West vs. Islam

Ask any Arab or Muslim what the war is about, Siblani says, and he’ll tell you it’s a war against Islam, and against Arabs. Siblani calls it a U.S. “armed robbery,” an attempt to grab oil. He says Middle Easterners laugh at the suggestion the war is meant to liberate Iraq.

Of course, many Arabs, Iraqis in particular, want Saddam Hussein ousted. But Arabs in general do not trust America’s intentions, Siblani says, for several reasons.

For one, America has supported Israel in what Arabs see as brutal oppression and apartheid on Palestinian territory. He says the Palestinian suicide bombings are not justified, but they’re “explainable.”

“Of course it’s not the best way to defend yourself. It’s a desperate way. I would prefer to see them using F-16s and Apache helicopters, like the Israelis use against the Palestinians.”

Secondly, the United States has supported many governments that repress freedom and foster poverty in the Middle East; he cites Saudi Arabia. Like Israel, Saudi Arabia is a bane to many Arabs and Muslims, and a best friend of the United States.

“In Saudi Arabia, Jordan, Morocco, Algiers ... we [America] offer them dictators and oppression,” says Siblani. “In Jordan it costs $7 for a gallon of gas and the people can smell the stench from the Saudi oil tanks. It makes you angry that you can’t feed your family, and who is stealing the wealth? The Americans are. And the Saudis are spending billions on their entertainment in Vegas — there are too many questions unanswered.”

When the terrorists attacked on Sept. 11, the U.S. media made scant attempt to determine possible causes for the murderous antipathy, he says.

“Why not ask, ‘Why? Why do they hate us?’ They love freedom like us. Their tears are salty; their blood is red. They do not hate us because we have [riches]. They hate us because of what we’ve been doing to them and against them for a long, long time,” says Siblani. “Our foreign policy is run by hoodlums. But does the American public have any idea of what has been going on overseas? I don’t think so.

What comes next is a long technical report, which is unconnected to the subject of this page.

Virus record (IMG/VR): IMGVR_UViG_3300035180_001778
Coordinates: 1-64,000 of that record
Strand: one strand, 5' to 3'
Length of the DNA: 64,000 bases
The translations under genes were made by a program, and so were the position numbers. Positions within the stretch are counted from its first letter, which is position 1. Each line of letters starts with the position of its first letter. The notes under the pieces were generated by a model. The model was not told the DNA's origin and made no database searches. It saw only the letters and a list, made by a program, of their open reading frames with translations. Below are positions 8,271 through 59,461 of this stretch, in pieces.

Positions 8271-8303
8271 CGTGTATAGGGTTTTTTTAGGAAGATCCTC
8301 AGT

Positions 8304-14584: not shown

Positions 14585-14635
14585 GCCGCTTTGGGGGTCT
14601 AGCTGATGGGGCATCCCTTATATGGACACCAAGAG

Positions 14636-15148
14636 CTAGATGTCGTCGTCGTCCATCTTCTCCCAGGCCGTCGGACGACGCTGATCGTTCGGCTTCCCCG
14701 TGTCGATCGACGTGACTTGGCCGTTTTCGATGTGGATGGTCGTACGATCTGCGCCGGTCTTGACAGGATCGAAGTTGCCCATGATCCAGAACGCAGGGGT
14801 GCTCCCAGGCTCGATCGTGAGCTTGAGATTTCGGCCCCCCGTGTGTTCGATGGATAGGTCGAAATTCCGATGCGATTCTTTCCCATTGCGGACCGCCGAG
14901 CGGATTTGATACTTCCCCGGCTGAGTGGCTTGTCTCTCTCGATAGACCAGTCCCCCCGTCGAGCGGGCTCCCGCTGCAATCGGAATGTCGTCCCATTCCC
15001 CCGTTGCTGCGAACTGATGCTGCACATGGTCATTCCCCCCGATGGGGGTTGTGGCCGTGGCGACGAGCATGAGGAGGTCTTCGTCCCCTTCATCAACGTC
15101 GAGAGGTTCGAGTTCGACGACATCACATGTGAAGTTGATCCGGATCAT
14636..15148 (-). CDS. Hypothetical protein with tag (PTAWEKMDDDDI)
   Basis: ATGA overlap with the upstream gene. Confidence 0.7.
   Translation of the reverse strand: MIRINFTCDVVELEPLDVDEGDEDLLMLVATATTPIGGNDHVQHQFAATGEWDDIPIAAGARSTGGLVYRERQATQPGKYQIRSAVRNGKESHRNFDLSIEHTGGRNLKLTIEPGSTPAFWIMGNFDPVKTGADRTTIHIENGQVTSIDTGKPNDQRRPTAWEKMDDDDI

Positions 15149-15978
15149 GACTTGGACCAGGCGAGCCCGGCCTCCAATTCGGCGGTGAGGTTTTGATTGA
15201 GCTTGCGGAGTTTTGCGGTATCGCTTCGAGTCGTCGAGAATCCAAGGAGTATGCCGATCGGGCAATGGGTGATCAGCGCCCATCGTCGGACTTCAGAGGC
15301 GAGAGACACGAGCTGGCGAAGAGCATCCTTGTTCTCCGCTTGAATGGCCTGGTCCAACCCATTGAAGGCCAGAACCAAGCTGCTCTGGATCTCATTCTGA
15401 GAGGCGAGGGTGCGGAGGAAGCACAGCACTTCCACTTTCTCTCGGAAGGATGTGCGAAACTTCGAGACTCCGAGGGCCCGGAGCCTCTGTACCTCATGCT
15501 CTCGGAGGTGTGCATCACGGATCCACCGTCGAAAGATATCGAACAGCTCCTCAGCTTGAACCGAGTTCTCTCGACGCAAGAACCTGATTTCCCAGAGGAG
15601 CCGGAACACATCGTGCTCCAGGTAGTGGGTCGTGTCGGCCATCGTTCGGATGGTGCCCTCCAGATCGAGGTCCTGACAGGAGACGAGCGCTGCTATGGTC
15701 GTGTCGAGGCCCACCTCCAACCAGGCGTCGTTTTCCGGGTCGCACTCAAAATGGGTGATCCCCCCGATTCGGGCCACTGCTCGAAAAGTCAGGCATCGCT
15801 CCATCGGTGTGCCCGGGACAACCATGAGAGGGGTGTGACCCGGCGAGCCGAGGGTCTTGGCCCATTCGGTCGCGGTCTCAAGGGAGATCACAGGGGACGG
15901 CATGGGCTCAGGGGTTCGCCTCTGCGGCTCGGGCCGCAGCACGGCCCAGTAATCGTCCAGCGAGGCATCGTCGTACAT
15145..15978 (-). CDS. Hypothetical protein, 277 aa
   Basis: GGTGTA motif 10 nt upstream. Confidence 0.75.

“The subject here is very complicated. It needs time. And it needs space in the newspapers. The media has created confusion by not clearing the air.”

American arrogance infuriates the Arab community, Siblani says.

“I care about Iraqi life, not because I’m Arab. Because I’m human.”

Paper’s role

Arab-American leaders say Siblani’s paper is important, especially in a time of turmoil.

Imad Hamad, the director of the American-Arab Anti-Discrimination Committee, a powerful Arabic lobby group and defender of civil rights, is himself an oft-quoted spokesman for Arab-Americans. He says Siblani’s newspaper is well-read, and a vital resource for immigrants who don’t read English.

“The role of the Arab-American media, as humble as it is, as simple as it is, is very important,” says Hamad. “I see a great need for this communication. This community gets caught in the middle, in the U.S. foreign affairs, not by choice. It’s very confusing, very tense.”

Satellite television is another resource. Hamad says he avidly watches Qatar’s Al-Jazeera — a popular and controversial network that debates Middle East politics. In addition, Arab-Americans can watch satellite TV from several Middle Eastern countries.

Hamad says the Arabic media often give the case against war, while the American media present the case in favor of war. Yet there have been “big, big, big” improvements in U.S. print media, he says, especially by the local newspapers. For that, Hamad says, he is “grateful.”

“That does not suggest our challenge with the media and struggle for even, balanced coverage is over. I think we have a long way to go. But it’s promising and it’s going in the right direction.”

Not everyone is as gracious. Dr. Anan Ameri, director of cultural affairs for the Arab Community Center for Economic and Social Services (ACCESS), thinks the American press is dreadful.

“I’m always surprised by how little dissent there is in the media to the official government stance. Is it possible that every major newspaper thinks war is the answer? That every newspaper thinks what Israel is doing is OK?

“There is not one serious newspaper or one serious journalist who makes a stand, on the case of Israel, Iraq, Cuba, Afghanistan, back in the ’80s against Nicaragua. Remember South Africa? Only the media caught up when the government position changed.

“The media is not a vanguard. The media is a follower,” says Ameri. “To me, that is not a free press.”


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Lisa M. Collins is a Metro Times staff writer. E-mail [email protected]